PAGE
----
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dc.contributor.advisorCorder, Jim W.
dc.contributor.authorGolladay, Gertrude LaDeanen_US
dc.description.abstractThe aim of this study has been to determine the elements in the English tradition of letters that relate directly to the rhetorical-poetic as it was conceived during the Restoration and practiced by John Dryden and to apply that knowledge in the reading of Dryden's two verse essays. The process of study has been, first, to examine the critical documents known, used, and written by sixteenth- and seventeenth-century writers for discovering their conception of the nature of poetry, the role of the poet, and the habitual procedure in writing poems. Second, it has undertaken to determine the educational practice relevant to composition, and, third, to analyze the shifts in attitudes toward literature brought about by social and scientific changes. Finally, the process has entailed an application of the derived information about the rhetorical-poetic tradition to the analysis of some works of Dryden composed during the years 1680-1689, with the particular goal of answering some critical questions about Religio Laici and The Hind and the Panther. The investigation has indicated that from the mid-sixteenth century into the Augustan Age the chief conception of literature was uniform in its baste formulations. To the majority of writers the objective was to instruct the reader so that he would more nearly fulfill his potentiality as a human being, living within the order of nature, obedient to God by means of his right reason, and responsible in action toward his fellow man. The means of that instruction, the writers believed, was a serious craft of discourse which could be taught, learned, and practiced. The poet, though gifted above ordinary men in his imagination and judgment, could only succeed in his office by upholding the highest principles of his art. The principles the writers located in the practice of the Greco-Roman poets, the precepts of Aristotle and Horace, and the rhetorics of Cicero and Quintilian. The Humanistically oriented educational system of rhetoric trained generations of writers by the procedures of invention, disposition, and elocution. This common foundation underlies the surface alterations in style, brought about by changing conditions, and marks a continuous rhetorical-poetic tradition until nineteenth-century Romanticism came. A close study of Dryden's two politico-religious poems shows that his choices of organization and embellishment are consonant with that tradition. Both Religio Laici and The Hind and the Panther are conscientious endeavors to write poems according to the principles of this central English art of poetry.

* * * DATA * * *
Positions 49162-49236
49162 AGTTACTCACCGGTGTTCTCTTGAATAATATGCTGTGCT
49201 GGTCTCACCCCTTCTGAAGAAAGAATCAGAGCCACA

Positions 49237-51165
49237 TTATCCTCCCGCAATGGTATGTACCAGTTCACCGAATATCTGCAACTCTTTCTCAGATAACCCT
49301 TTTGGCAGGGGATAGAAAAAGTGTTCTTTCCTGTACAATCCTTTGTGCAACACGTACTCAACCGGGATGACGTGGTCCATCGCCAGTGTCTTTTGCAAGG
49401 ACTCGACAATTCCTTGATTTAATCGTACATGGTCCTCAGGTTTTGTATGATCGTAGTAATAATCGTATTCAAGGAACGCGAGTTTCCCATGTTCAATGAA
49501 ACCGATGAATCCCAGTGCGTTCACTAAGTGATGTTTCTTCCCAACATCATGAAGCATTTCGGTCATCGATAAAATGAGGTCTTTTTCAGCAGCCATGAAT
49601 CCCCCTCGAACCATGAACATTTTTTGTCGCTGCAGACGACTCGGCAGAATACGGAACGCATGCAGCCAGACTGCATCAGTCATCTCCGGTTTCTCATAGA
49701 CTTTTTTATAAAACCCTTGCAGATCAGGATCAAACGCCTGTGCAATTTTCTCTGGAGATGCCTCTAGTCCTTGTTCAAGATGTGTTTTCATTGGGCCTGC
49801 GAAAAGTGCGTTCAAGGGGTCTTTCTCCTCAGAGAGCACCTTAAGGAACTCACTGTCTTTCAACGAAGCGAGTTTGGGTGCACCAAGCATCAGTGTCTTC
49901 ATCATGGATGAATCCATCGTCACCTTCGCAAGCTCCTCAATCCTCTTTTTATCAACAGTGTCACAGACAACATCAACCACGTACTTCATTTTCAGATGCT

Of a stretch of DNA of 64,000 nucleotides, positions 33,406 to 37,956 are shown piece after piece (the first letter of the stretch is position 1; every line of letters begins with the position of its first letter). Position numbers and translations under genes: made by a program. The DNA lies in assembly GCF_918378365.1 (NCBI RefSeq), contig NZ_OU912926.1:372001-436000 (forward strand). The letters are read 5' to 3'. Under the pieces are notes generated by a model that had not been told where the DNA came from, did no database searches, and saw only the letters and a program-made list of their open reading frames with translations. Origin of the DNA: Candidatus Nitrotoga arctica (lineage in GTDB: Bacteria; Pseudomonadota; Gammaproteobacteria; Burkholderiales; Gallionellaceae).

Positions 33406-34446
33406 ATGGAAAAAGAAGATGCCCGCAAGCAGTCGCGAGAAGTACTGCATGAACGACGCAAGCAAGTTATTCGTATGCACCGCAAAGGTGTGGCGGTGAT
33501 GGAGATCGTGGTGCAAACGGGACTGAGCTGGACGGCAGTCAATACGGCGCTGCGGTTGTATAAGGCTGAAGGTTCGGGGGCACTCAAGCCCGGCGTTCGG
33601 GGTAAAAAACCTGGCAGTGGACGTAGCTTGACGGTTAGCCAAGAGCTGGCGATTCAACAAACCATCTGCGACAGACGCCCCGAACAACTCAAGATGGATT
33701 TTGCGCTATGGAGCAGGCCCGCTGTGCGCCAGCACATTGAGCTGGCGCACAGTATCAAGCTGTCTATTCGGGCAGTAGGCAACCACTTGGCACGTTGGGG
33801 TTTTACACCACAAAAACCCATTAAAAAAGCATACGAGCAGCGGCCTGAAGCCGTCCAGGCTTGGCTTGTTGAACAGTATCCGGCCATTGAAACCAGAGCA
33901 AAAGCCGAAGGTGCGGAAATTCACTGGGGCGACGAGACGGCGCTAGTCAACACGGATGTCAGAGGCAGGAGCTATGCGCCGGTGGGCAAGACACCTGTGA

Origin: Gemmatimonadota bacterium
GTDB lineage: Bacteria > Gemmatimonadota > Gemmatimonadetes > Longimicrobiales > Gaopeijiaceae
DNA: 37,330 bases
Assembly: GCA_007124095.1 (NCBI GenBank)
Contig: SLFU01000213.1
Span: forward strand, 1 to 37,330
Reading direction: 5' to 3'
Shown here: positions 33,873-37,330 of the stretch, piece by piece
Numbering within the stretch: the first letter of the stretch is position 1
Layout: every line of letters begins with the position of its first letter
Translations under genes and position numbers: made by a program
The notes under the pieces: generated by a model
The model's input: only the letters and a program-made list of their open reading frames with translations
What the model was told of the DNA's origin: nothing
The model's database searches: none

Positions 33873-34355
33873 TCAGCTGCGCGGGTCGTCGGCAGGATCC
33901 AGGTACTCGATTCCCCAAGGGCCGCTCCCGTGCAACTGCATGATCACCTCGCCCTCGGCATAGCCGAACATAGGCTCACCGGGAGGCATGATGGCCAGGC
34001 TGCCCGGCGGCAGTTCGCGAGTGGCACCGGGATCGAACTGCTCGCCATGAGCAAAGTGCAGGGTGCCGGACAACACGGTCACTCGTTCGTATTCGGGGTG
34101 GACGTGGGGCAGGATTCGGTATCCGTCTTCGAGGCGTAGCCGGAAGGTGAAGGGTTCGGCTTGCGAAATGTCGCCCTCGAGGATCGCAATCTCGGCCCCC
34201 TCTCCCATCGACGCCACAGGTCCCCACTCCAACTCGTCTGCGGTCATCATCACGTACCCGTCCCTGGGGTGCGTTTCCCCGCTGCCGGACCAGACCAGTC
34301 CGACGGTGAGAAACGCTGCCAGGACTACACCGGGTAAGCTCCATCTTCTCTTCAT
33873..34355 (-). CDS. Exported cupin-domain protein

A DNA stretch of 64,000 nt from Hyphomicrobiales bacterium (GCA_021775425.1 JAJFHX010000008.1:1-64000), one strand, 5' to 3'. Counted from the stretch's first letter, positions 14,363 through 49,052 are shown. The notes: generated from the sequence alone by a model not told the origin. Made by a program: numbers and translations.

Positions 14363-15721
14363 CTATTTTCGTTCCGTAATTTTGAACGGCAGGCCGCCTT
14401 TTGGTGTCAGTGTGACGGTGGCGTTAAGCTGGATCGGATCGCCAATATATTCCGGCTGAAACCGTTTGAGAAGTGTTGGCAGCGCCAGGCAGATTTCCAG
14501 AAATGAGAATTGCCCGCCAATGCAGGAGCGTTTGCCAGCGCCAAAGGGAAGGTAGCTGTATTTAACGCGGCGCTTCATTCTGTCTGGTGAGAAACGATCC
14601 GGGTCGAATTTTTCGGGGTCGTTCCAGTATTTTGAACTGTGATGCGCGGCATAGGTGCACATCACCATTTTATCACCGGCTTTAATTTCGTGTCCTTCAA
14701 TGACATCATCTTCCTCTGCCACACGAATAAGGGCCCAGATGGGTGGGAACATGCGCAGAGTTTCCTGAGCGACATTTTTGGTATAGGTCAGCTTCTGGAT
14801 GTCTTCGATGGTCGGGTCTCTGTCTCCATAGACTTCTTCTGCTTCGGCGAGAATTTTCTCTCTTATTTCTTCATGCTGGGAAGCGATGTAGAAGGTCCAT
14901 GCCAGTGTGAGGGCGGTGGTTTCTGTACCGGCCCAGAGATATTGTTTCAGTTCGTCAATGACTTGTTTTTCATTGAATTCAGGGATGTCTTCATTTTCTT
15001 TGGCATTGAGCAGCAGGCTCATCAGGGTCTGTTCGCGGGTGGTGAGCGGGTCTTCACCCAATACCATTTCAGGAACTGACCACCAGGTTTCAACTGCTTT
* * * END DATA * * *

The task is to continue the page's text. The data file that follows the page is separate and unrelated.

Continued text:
dc.format.extent321 leaves, bounden_US
dc.format.mediumFormat: Printen_US
dc.relation.ispartofTexas Christian University dissertationen_US
dc.subject.lcshDryden, John, 1631-1700en_US
dc.subject.lcshDryden, John, 1631-1700. Worksen_US
dc.titleThe rhetorical-poetic tradition in Dryden's two verse essaysen_US
dc.typeTexten_US of English
local.collegeAddRan College of Liberal Arts
local.academicunitDepartment of English
dc.identifier.callnumberMain Stacks: AS38 .G65 (Regular Loan)
dc.identifier.callnumberSpecial Collections: AS38 .G65 (Non-Circulating) of Philosophy Christian University

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